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My Thoughts on BLM

As events have unfolded over the last couple of weeks I have watched and tried to process it all. I watched the senseless killing of a handcuffed black man. I have watched peaceful protests. I have watched violent protests and looting. I have seen numerous things that make me angry, but I have also witnessed many things that give me hope. I finally see a lot of people who didn’t really know about, care about, or understand the Black Lives Matter movement finally start to get it. That gives me hope. But I still see a lot of people who I believe are well intentioned and think they get it, but still really don’t.

I have seen a lot of people trying raise the issue of George Floyd’s past, or the fact that he was accused of passing a counterfeit $20, or that he may have consumed or possessed drugs. None of these things have any relevance to the issues people are protesting against. Whether he had committed a crime or not is 100% irrelevant. Whether he was a good man or a bad man is 100% irrelevant. The death of a person in police custody isn’t any less outrageous because they had a bag of cocaine or heroin in their pocket. To steal and paraphrase a slogan from the NYPD, he should face 12 people in a jury box, not 6 people carrying his body in a pine box.

This is the same with the Ahmaud Arbery case. Was he just jogging when he was chased down and shot? Was he possibly casing a house to burgle? Had he previously committed thefts? None of those things have any relevance whatsoever. He was presumed innocent under the law and he was executed without trial. The bottom line is that if you are black in America and accused of a crime, you are far more likely to die before you ever get to see a judge than if you are white. Period.

There exists a criminal justice system where people accused of crimes are guaranteed due process of law and if after receiving that due process it is determined that they broke the law, the system administers a punishment which we as a society have also agreed is appropriate and just. The reality of the situation is that these black men, and many others, were denied the same rights similarly situated white people get. Did Floyd or Arbery commit crimes? We will never know. In too many cases the police are not ONLY the police, they are also the judge, jury and executioner. In the Arbery case it wasn’t even the police but an armed father and son vigilante squad. That’s the injustice. Period.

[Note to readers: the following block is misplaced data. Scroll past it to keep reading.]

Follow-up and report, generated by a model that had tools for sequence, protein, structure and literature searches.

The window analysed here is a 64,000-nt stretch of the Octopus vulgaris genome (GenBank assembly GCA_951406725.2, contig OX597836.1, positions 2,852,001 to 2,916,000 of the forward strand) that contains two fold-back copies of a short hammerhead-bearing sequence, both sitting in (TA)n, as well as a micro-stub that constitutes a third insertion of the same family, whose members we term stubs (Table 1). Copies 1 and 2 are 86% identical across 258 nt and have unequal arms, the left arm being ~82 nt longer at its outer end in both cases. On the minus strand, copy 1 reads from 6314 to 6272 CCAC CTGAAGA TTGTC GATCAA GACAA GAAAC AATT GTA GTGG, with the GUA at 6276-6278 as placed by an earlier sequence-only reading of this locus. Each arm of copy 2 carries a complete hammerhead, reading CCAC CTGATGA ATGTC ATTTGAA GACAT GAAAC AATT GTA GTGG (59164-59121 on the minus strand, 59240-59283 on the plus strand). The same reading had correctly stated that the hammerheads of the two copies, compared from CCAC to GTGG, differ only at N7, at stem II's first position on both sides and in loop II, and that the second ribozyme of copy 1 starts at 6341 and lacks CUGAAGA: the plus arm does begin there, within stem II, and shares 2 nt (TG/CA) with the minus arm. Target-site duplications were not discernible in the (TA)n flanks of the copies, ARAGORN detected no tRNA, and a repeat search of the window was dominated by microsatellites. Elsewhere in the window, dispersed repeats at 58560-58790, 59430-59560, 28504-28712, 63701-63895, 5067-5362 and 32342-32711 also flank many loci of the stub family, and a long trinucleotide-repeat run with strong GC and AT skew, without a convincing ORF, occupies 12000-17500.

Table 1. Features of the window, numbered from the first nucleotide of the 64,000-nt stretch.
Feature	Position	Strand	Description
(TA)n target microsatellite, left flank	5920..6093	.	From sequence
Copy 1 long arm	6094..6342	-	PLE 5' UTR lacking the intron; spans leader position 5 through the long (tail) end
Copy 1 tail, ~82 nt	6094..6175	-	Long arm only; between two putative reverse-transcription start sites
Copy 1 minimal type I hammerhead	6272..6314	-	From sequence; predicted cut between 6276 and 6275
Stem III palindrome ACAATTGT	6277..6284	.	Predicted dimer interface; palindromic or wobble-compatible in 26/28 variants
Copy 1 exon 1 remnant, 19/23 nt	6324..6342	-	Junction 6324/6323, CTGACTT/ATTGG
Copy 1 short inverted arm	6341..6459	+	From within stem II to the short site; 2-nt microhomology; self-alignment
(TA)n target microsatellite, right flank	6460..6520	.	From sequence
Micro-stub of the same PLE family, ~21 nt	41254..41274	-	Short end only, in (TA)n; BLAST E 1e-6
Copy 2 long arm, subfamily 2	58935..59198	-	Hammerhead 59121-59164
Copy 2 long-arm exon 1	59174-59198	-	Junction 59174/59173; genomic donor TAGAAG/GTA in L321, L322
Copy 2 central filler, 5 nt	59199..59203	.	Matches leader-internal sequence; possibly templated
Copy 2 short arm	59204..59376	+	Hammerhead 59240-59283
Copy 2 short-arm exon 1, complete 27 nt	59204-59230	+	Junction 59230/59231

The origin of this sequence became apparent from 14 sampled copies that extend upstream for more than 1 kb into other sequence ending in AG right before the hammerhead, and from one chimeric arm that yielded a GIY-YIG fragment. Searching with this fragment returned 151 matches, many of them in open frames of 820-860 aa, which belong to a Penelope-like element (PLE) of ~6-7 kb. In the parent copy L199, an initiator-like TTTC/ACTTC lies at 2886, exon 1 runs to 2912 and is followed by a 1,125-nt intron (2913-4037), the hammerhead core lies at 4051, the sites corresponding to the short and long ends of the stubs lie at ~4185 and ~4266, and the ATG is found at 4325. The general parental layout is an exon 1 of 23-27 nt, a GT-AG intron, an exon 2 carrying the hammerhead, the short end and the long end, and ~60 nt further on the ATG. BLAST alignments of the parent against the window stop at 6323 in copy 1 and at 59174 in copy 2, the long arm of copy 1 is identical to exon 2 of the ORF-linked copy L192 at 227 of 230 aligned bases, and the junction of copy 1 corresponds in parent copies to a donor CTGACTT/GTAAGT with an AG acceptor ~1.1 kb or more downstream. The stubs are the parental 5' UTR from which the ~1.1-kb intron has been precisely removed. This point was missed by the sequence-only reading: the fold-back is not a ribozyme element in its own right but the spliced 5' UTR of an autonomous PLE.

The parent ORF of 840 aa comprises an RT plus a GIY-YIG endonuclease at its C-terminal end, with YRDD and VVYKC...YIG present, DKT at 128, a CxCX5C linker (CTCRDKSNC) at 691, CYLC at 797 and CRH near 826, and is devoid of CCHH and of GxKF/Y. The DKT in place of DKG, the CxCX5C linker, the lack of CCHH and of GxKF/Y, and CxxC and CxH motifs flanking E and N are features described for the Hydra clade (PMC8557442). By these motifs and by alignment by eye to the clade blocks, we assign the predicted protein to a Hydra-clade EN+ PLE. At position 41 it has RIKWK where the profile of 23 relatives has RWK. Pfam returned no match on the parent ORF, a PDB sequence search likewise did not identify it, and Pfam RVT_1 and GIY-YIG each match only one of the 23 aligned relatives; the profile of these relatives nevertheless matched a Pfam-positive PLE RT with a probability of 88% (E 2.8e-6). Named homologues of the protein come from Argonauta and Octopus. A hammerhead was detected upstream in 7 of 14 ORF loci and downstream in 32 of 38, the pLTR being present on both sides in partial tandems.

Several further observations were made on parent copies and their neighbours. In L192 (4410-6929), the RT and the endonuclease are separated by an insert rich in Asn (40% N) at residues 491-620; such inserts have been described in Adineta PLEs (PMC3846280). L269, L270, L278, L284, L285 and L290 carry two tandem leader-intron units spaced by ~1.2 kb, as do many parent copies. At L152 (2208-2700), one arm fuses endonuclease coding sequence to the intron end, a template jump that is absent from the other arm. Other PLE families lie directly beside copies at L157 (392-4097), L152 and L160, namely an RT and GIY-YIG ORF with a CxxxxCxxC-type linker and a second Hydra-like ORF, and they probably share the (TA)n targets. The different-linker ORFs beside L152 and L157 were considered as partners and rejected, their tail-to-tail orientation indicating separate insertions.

I have been inside the criminal justice system for 20 years defending people of all backgrounds charged with crimes. Hawai’i is a unique place without any real racial majority. No single identifiable race constitutes 51%+ of our population. I have represented hundreds or probably thousands of people of all races. We like to think of ourselves as progressive and different from the mainland when it comes to race, and in a lot of ways we are. I will tell you from my own experience, however, that if you are black and accused of a crime in Hawai’i, your bail is likely to be at least double what it would be if you were pretty much any other race. On petty misdemeanor traffic crimes such as Excessive Speeding or Reckless Driving, if you are local or white and are pulled over for these offenses you are likely to get a citation with a court date and then allowed to continue on your way. If you are black and pulled over for one of these charges, you are significantly more likely to be arrested, have your car towed, and required to post bail if you want out of jail. While these men aren’t dying in these situations, they are clearly not being treated equally. I have been aware of the inequalities my entire career and have occasionally talked about them, but no one seems to ever care. This week has made me optimistic, however, that non-minorities seem to finally, maybe, hopefully, see the situation through a similar lens.

I encourage everyone going forward to practice intellectual honesty when it comes to race. If you aren’t familiar with that term, google it. It probably doesn't mean what you think it does.

I encourage you to stop and think about,

“What advice would I give my teenage son about dealing with the police if he were 18 and headed off to college?”

Then ask the same question but imagine your son is black. If you haven’t been living under a rock and say you would have the same conversation, you are engaging in some serious intellectual dishonesty.

It is for all the above reasons that I fully and proudly support and stand behind the Black Lives Matter movement. I feel change is coming.

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